But, we are stubborn. Why? Democracy. Capitalism. Freedom. These have rigid definitions in our minds and altering them would cause a collapse to our way of life. Universal Health Care must be a rejection of all of those things. As such, it cannot pass. The ideals must stand.

We have these ideals, but we're always modifying them. We've always attempted to perfect our ideals, but often arguments for the "right way" choke off our decisions. The oxygen-starved brain that is government freezes because of our own political paralysis.

Only recognition of the need for flexibility will end such stagnation. We may live under the banner of everlasting freedom, proclaim the rule of democracy and run ourselves as a republic, but we blot out the underlying method behind our actions.
We - this country, these citizens and our way of life - are an experiment. Nothing is made in stone.

Democracy is our aim, but the people's rule is far from absolute. We admit to a republic, but our history in foreign lands has always hinted at imperialism.
We strive for freedom, but must confess our rights are subject to security limitations and moral imperatives.

The United States is, just like a scientific experiment, an explosive and ever-changing process. Our conclusions always result in more questions and problems. However, we must stop running the same experiments over and over in hopes we get new results each time.

A new hypothesis must be tested. If it fails, then we try a different one. Lives may be lost, people may lose things along the way. Unfortunately, they're losing those things anyway as we stand idly by. So why not try a different approach?

This may be quite a grand statement for a thing as specific as health care, but it is done for a reason. If this is an experiment, then we are the scientists. We must be ruled by logic and reason, not personal attacks, political spectrum and empty rhetoric. We have a duty to work toward progress.

Therefore, we cannot sit here asking each other the same questions on these matters. We cannot bicker about the conservative or liberal conception of freedom. We have done this before and come out with very few answers. Instead, we must choose one unified direction and act. When we come to a conclusion, evaluation of success and failure will be taken. Then, we can try a different direction. Eventually we'll find the correct path.

Health Care is a test. Democrats have chosen the direction. I suggest we test this new hypothesis. I'm not saying it's fool-proof, I'm not saying it will solve everything. I'm just saying it is worth a test.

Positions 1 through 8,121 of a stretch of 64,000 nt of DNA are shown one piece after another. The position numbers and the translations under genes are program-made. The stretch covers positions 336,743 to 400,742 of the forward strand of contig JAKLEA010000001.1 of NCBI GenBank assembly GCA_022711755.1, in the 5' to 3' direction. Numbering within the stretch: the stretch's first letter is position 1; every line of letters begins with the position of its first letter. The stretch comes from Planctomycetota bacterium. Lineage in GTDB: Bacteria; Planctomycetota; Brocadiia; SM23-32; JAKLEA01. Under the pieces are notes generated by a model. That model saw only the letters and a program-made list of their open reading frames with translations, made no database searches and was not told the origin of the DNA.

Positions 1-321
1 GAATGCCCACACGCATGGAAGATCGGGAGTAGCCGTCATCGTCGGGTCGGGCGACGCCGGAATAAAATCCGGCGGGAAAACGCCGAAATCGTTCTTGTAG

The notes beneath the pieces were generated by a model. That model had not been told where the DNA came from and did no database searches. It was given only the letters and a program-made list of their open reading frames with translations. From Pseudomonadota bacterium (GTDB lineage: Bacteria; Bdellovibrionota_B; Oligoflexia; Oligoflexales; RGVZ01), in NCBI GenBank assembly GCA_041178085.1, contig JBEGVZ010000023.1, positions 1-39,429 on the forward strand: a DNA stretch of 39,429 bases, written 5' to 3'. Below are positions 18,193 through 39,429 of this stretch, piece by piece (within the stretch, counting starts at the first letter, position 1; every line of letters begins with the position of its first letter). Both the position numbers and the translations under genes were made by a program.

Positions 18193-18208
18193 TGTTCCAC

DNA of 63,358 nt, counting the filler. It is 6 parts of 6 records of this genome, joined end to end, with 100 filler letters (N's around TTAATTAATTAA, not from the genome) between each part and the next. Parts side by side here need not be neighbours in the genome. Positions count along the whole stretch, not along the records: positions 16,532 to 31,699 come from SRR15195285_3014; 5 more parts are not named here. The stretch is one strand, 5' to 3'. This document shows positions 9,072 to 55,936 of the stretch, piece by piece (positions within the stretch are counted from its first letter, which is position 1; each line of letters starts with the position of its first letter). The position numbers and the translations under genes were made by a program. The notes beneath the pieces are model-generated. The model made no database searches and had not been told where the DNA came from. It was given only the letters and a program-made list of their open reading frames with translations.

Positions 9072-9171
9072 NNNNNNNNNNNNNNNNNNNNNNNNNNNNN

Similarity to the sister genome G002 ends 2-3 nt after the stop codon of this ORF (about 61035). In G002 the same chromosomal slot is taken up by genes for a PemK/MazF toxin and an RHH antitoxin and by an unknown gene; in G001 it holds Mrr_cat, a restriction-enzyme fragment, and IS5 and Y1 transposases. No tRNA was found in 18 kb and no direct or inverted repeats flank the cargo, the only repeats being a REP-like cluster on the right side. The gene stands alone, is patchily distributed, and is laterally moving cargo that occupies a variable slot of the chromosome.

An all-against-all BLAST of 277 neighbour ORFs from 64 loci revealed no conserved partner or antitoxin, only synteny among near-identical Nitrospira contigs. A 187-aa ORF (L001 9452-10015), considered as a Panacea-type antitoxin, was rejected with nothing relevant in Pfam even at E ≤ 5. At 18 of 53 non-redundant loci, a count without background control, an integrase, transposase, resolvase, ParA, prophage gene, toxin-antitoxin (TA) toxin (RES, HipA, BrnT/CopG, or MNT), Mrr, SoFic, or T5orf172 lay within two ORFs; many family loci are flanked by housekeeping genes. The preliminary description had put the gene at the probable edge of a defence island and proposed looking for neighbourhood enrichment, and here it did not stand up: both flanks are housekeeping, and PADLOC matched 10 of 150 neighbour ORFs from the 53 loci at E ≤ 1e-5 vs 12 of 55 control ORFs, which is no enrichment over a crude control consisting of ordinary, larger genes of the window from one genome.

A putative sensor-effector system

After all, we have the freedom to test, don't we?

Happy 4th, everyone.


Erik Opsal said...

"But, we are stubborn. Why? Democracy. Capitalism. Freedom. These have rigid definitions in our minds and altering them would cause a collapse to our way of life."

My post seeked to challenge those rigid definitions of freedom, whether it be from conservative or liberal viewpoints. It looks like I succeeded in at least making people think about changing the status quo.

I'm not sure if I made absolute sense, but I tried. I don't think I meant to look at it only as conservatives on one side and liberals on the other (I know there are liberals out there who disagreed with what I said), but that's just the way it played out.

I was sick of this freedom/liberty argument coming from critics of the plan and I wanted to expose the hypocrisy in their freedom arguments.

It's obviously a hard word to define.

Jason Smathers said...

And that's just fine. Have no problem with the way your post went. I was actually glad to see a post that posed a challenge to the definition. I just thought I'd add mine, as well.

Truth be told, I rather enjoyed the debate between you and Mike.

Jason Smathers said...

and furthermore, I do actually agree with your argument. I only take issue with asking the right why it has a narrow conception of freedom. Starting such a well argued post with a generalization just left a bad taste in my mouth. The rest of it found me nodding.

and don't worry, you did make sense.

Erik Opsal said...

Good to know. I was told by Gallentine that my argument about Iraqis feeling free was out of place, and he's right. I should have taken it out because it didn't really add anything to my argument.